What if we use what we have learned from the pandemic to find a way to live in a relationship with ourselves, each other and nature that is caring, nurturing and flourishing?
In common with many other countries around the world, Mongolia has felt the pain caused by the suspension of global markets. One of Mongolia's largest industries has been hit especially hard by COVID-19 – cashmere. Mongolia is the world's second-largest producer of raw cashmere after China, accounting for approximately one-third of global supply. It is the country's third-largest export after copper and gold.
Over the past few months, numerous problems across the textile supply chain have translated into a steep drop in cashmere prices, and four months after the start of the crisis cashmere prices remain low, jeopardizing the herders’ economic welfare.
Environmental challenges run alongside the economic problems. Desertification and land degradation threaten 77 percent of Mongolia’s area, largely caused by overgrazing by livestock. Rising temperatures make matters worse, with a 2°C increase over the past 70 years. Quota restrictions limited herd growth until they were lifted in 1990, when the goat population soared from 5.1 million to today’s 27 million. They are looked after by 233 thousand nomadic herder households or, some 25% of the country's population.
In order to find ways to bolster the national economy and strengthen the cashmere industry, UNDP Green Commodities Programme has been supporting UNDP Mongolia since 2018 to implement a pilot project to test the viability of a value chain business model for sustainably produced cashmere. This project follows UNDP GCP’s proven Multi-Stakeholder Collaboration for Systemic Change pathway towards commodity sustainability. The Mongolia Sustainable Cashmere Platform (MSCP) will work with a range of stakeholders to produce a National Action Plan for sustainable cashmere.
In May 2020, the first Steering Committee meeting of the Mongolia Sustainable Cashmere Platform was held at the UN House in Ulaanbaatar. Chaired by the UNDP Mongolia Resident Representative, Elaine Conkievich, the meeting was attended by 7 out of the 8 members forming the new Steering Committee, including A. Amgalan, Technical Advisor at FAO, Ts. Erdenebat, Economic and Industrial Policy Advisor to the Mongolian President, T. Bulgan, Head of Green Development Policy and Planning at the Ministry of Environment and Tourism, D. Altantsetseg, Executive Director at the Mongolian Wool and Cashmere Association, N. Gankhuyang, Executive Director of the Mongolian National Federation of Pasture User Groups, and B. Bathkishing, Representative of the Advisory Committee. Absent in this inaugural meeting was B. Bathkuu, Director of the Light Industry Policy Implementation and Coordination at the Ministry of Food, Agriculture and Light Industry.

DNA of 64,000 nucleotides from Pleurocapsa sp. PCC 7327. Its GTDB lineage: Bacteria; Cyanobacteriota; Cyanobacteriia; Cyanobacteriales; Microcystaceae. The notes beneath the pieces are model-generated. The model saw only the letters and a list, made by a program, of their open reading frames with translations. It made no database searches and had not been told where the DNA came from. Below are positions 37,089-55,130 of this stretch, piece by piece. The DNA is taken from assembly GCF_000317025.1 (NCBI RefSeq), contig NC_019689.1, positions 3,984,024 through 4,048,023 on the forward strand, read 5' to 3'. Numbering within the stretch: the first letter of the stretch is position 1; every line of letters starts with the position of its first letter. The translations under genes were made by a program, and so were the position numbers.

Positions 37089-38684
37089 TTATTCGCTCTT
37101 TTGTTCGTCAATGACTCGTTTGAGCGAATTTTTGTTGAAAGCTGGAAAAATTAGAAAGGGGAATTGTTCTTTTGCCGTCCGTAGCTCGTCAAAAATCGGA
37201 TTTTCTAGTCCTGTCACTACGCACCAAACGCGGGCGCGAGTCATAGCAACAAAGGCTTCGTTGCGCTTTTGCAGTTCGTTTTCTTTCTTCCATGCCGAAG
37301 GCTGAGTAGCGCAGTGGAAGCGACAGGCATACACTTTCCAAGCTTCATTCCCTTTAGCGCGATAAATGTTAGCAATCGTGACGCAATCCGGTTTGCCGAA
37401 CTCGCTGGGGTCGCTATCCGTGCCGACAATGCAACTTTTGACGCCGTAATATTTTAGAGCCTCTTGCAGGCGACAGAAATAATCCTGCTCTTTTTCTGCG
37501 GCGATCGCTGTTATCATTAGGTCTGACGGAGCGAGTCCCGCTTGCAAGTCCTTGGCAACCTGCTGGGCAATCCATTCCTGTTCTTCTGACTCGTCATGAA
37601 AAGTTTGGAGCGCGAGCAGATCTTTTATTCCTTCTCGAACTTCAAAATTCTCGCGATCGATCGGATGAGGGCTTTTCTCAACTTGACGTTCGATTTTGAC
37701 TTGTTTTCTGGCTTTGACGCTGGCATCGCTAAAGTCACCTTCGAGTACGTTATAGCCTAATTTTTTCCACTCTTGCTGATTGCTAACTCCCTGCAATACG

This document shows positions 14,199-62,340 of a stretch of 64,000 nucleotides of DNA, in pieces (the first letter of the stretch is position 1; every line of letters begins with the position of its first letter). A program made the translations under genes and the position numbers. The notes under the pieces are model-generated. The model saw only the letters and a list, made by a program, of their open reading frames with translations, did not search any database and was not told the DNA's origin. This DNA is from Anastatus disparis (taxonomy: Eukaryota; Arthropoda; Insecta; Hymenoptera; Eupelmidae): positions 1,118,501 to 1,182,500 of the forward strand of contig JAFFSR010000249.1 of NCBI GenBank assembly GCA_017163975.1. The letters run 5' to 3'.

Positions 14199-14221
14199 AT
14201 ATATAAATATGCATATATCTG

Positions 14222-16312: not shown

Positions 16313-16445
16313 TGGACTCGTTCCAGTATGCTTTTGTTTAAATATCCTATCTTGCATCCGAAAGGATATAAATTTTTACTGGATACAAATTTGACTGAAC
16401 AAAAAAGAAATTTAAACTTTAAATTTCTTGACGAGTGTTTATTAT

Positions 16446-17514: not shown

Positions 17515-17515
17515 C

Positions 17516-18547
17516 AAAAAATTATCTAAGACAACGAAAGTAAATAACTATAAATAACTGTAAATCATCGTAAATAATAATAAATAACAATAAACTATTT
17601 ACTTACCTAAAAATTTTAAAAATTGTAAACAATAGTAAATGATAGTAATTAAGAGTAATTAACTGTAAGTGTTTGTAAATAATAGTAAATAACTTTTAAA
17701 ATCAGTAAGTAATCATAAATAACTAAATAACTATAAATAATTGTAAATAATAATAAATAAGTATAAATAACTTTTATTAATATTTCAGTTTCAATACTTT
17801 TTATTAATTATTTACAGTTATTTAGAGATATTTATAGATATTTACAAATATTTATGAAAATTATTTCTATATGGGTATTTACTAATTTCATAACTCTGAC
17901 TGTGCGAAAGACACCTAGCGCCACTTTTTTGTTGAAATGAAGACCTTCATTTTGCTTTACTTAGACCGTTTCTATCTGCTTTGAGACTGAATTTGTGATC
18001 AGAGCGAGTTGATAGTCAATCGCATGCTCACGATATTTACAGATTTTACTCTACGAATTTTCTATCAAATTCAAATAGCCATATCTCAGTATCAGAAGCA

The global pandemic gives a particular opportunity to implement comprehensive sustainability measures to curb overgrazing. Indeed, during her opening remarks, Ms. Conkievich said that even though the COVID-19 global pandemic is a burden to the cashmere sector, "it is also an opportunity to create a foundation for cooperation, ensuring sustainability of future actions, direct supply and exports of cashmere and products with added-value".
During the meeting, D. Altantsetseg raised the important question of how negatively the coronavirus pandemic has impacted the producers and small, medium-sized enterprises (SMEs) in the cashmere industry in Mongolia, leading to what she referred as the ‘stagnation’ of the sector: "This pandemic has resulted in higher costs of production and lower prices in commodities, which means dangerous proximity to sector bankruptcy". Her concern was echoed by N. Gankhuyang, who predicted that herders' livelihoods may worsen in the upcoming months.
The Steering Committee is designed to bring together stakeholders at the highest decision-making levels in the sector to tackle strategic organizational issues and challenges: market access, pockets of success, and a question of definition: what is sustainable cashmere? The involvement of the whole system is vital: "The expertise in multi-stakeholder collaboration and the strong systems thinking approach that UNDP Green Commodities Programme brings to the table is a valuable tool to confront the ‘seemingly unresolvable’ problem at hand", says Shinee Volooj, Mongolian Sustainable Cashmere Platform Manager.
3 technical working groups are operational as part of the Platform’s planned activities: one on consensus on sustainability, one on COVID-19 recovery and one international market sector advisory group. The proceedings of technical working group meetings will be publicly available once the Platform website is released.
In August, the platform's website will be launched while formal launch of the platform is expected to happen later in 2020. Around 150-200 people are expected to take part in the Plenary meeting – an impossible scenario today with the current security measures in place around the world. In a collaborative process between all the stakeholders involved, the comprehensive National Action Plan will be presented for approval by all.
As T.Bulgan from the Ministry of Environment and Tourism said at the meeting, the next few steps in the platform's development process are critical. "For the results to be achieved, we need to ensure that the criteria set for success are measurable and clearly defined. From the Ministry of Environment and Tourism perspective, we want to look at the bigger picture of environmental sustainability in the production of cashmere".